Kongo Gumi, the world's oldest continuously operating family enterprise, has closed its doors after an astonishing 1,428 years in business. Libertarian caveat: Until the 19th century it was subsidized by the Japanese government.
Business Week notes the secrets of the firm's success:
How do you make a family business last for 14 centuries? Kongo Gumi's case suggests that it's a good idea to operate in a stable industry. Few industries could be less flighty than Buddhist temple construction.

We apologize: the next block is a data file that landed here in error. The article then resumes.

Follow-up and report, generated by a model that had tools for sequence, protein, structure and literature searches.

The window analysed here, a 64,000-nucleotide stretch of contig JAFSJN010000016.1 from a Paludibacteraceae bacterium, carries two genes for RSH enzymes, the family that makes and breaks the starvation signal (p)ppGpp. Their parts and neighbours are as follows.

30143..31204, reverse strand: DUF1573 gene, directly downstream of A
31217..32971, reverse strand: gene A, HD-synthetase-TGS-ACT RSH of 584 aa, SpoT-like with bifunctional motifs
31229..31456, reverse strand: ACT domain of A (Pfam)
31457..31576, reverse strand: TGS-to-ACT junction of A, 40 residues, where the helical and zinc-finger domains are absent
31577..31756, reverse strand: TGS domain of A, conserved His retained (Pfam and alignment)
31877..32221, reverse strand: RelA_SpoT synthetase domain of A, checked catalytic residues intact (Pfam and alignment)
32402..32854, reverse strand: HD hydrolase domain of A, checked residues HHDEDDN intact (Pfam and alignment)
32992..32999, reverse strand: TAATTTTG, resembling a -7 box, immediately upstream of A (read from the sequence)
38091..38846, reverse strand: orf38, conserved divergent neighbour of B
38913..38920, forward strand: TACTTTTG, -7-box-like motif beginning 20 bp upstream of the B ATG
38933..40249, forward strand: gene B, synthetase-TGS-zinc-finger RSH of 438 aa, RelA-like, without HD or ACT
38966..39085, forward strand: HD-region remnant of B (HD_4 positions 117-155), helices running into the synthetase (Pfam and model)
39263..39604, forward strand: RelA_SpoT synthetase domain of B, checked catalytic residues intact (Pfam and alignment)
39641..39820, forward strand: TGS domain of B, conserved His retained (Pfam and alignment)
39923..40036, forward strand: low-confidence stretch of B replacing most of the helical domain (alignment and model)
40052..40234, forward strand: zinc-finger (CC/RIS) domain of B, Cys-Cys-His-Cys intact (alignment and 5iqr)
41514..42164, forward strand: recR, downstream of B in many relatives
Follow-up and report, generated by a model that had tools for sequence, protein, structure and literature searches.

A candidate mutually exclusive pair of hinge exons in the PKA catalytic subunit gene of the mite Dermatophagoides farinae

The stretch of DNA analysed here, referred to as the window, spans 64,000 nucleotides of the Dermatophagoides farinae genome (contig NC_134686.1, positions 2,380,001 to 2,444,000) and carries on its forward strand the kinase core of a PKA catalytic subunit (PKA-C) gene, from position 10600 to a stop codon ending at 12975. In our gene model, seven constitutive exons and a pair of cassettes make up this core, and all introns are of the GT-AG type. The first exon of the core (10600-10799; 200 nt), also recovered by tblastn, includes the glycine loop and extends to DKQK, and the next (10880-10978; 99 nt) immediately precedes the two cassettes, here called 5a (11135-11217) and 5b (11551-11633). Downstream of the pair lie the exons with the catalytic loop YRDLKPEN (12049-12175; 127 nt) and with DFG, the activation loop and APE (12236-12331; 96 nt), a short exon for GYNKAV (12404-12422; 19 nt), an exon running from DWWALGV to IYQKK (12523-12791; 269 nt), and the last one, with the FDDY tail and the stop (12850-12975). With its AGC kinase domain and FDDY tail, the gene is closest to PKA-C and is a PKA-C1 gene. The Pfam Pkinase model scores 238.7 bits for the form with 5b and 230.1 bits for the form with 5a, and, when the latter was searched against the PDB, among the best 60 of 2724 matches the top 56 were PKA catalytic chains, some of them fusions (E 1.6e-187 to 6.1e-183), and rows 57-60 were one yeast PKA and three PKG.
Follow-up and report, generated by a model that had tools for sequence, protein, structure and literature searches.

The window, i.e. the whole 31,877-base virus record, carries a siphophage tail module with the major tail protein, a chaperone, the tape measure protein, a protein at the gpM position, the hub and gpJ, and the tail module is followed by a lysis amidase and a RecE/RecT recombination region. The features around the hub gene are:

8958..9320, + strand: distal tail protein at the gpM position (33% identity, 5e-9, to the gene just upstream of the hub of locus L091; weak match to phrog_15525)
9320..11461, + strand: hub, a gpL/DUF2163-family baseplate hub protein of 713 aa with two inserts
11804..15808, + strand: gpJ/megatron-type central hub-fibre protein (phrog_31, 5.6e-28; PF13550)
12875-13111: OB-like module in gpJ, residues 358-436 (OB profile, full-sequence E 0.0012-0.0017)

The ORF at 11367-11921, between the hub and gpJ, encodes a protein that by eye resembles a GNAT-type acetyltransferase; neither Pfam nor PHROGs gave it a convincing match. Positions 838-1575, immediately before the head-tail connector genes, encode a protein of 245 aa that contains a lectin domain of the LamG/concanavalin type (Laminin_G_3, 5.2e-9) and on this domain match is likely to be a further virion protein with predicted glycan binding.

Flexibility helps, too. During World War II the company "switched temporarily to crafting coffins." I suppose you might call that an indirect government subsidy.